How we serve our customers - a note to the team
Just as Yoda is the guide who helps Luke Skywalker achieve his full potential as a Jedi, Riverdale Y (through you, the staff) helps participants achieve their full potential, as parents, as athletes, as performers, as fulfilled human beings.
Each individual wakes up in the morning with their own agenda, their own struggles, their own journey. We are each the hero (protagonist) in our own story, and we are wired to seek out tools that help us survive or thrive. This is true for our customers, they are on their own journey. As an organization, we have to fit into our customers’ journeys. For them to embrace us we have to position ourselves as the guide that helps them achieve their goals.
Who are our customers?
We have a wide array of customers: fitness enthusiasts (with different degrees of enthusiasm); preschoolers; seniors; campers; green shoppers and more. As such it is easy to be confused about who we serve and how we fit into their lives. While we play an important role in the lives of all our customers, and should have campaigns that speak to all of them, we need to have a primary position for our organization. Because the majority of our programs are actually geared towards parents, and because we make most of our revenue on these programs, we need to position ourselves primarily in the lives of parents of school-aged children.
What are our customers goals/needs?
External needs are the obvious ones. Parents need their children to learn to swim; they need afterschool and camp so that they can finish their work days; they may need transportation and extended hours.
Internal needs are the real motivators. Parents need to feel like they are doing right by their kids, giving them every shot at a life better than their own. Parents need their kids to develop into well-rounded people who are confident, compassionate and courageous. Brands that answer internal needs resonate with customers, and as such, get chosen over brands that speak only to external needs.
Philosophical needs are based on deep-seated principles people hold. They usual include words like “should” or “ought to.” For example: Kids should be given every opportunity to explore their passions; Parents ought to teach their children about community and acceptance. Brands that speak to philosophical needs enjoy the most loyal customers. It’s not what we do, it’s why we do it. The philosophies behind Apple are: Technology ought to help us and not intimidate us; People should be empowered to express themselves; Our privacy should never be compromised. Apple users buy into these philosophies and, as such, will buy anything Apple produces sight-unseen.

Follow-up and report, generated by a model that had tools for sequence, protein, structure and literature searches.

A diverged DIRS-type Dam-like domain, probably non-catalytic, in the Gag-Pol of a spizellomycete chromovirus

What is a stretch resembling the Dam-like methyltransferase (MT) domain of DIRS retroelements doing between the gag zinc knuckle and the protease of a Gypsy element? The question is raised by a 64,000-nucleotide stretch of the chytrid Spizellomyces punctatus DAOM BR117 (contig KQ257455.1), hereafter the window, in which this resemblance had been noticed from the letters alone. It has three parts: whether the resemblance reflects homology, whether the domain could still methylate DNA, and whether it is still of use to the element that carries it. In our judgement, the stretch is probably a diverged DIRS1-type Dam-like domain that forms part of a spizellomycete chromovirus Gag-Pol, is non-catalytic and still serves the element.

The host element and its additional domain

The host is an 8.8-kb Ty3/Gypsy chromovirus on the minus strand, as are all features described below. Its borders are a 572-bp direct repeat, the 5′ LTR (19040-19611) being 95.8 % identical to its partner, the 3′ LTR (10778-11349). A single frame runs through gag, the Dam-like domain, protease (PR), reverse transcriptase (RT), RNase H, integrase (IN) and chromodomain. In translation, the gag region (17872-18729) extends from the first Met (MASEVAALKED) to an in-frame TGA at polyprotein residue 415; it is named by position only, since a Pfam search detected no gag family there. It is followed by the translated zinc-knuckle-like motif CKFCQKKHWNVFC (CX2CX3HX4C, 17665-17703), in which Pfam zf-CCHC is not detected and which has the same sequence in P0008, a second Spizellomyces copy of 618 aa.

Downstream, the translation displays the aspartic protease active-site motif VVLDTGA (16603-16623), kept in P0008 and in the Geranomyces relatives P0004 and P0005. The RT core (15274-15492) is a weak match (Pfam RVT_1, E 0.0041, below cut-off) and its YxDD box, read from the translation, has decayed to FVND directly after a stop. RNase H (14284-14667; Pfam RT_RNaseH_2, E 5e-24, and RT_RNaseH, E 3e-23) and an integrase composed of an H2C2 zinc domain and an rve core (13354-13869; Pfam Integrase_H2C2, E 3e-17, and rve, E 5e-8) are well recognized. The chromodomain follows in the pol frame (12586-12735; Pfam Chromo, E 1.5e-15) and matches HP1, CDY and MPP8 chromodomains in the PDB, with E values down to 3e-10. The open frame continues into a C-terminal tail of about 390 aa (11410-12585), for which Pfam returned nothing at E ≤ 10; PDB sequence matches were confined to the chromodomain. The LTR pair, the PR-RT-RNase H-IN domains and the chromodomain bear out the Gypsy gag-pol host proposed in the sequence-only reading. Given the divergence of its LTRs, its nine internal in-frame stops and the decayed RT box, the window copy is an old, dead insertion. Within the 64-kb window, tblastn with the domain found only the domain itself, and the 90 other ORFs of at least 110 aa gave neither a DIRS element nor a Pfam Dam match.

So how do we channel our Yoda?
Yes, we need to communicate how we answer parents’ external needs with flexible hours, transportation, and suitable facilities. More importantly, we need to communicate that we understand and share their internal and philosophical needs.
Parents invest in sports not because they believe they have the next Aaron Donald on their hands. They want to be sure they haven’t impeded their child’s chances of becoming an NFL MVP for sure. They also want their child to learn teamwork, how to be a good sport, how to give 100%, and how to accept defeat. In short, they want to prepare their child for life.
Parents invest in swim lessons so that their child learns to face their fears, and might recognize the triumph of conquering what once seemed indomitable.
Parents invest in music lessons and ballet so that their child might access an elite class that might lead to doors opening in the future.
Parents invest in theater so that their child might gain self confidence and possibly gain public speaking and presentation skills that will move them forward in their career one day.
Case Study: Being Yoda in Sports
In our leagues we have a few athletes who score a lot of points. It’s very easy for a parent to complement their star player. But every good parent is going to say something to their kid on the drive home, or at the dinner table. Perhaps they’ll say “I’m proud of how hard you pushed today,” “I see you getting better every day,” or “You’re a great team player.” If the coach is to be a Yoda to the parent they would preempt what each parent should say to their kid and say it to the parent, focusing on the inner needs of the parent: “Brian works so hard out there, he is so driven” “Brittany is improving every week, I can see her thinking ahead.” This kind of support is invaluable to the parent and will keep them coming back to our leagues.
To sum it up
Let Yoda be a reminder that we are here to help our customers on their journey. When you relate to parents, remember the needs that motivate them and inspire brand loyalty. Talk to them about how we answer those internal and philosophical needs.
As for our programs that aren’t geared towards parents
The lessons of Yoda, and of internal and philosophical needs apply to everything we do. Adults who come to our Senior Center have a need to feel connected, to feel useful and valued. They want to exercise their bodies and minds so they don’t lose them. We meet those needs.
People who patronize our Sunday Market believe deeply in responsible consumption. Their external needs of bread and vegetables can be more easily and cheaply met elsewhere, but they believe in supporting local producers and in sustainable farming. They will pay more to adhere to these standards. This is the kind of connection we need to nurture with all of our customers.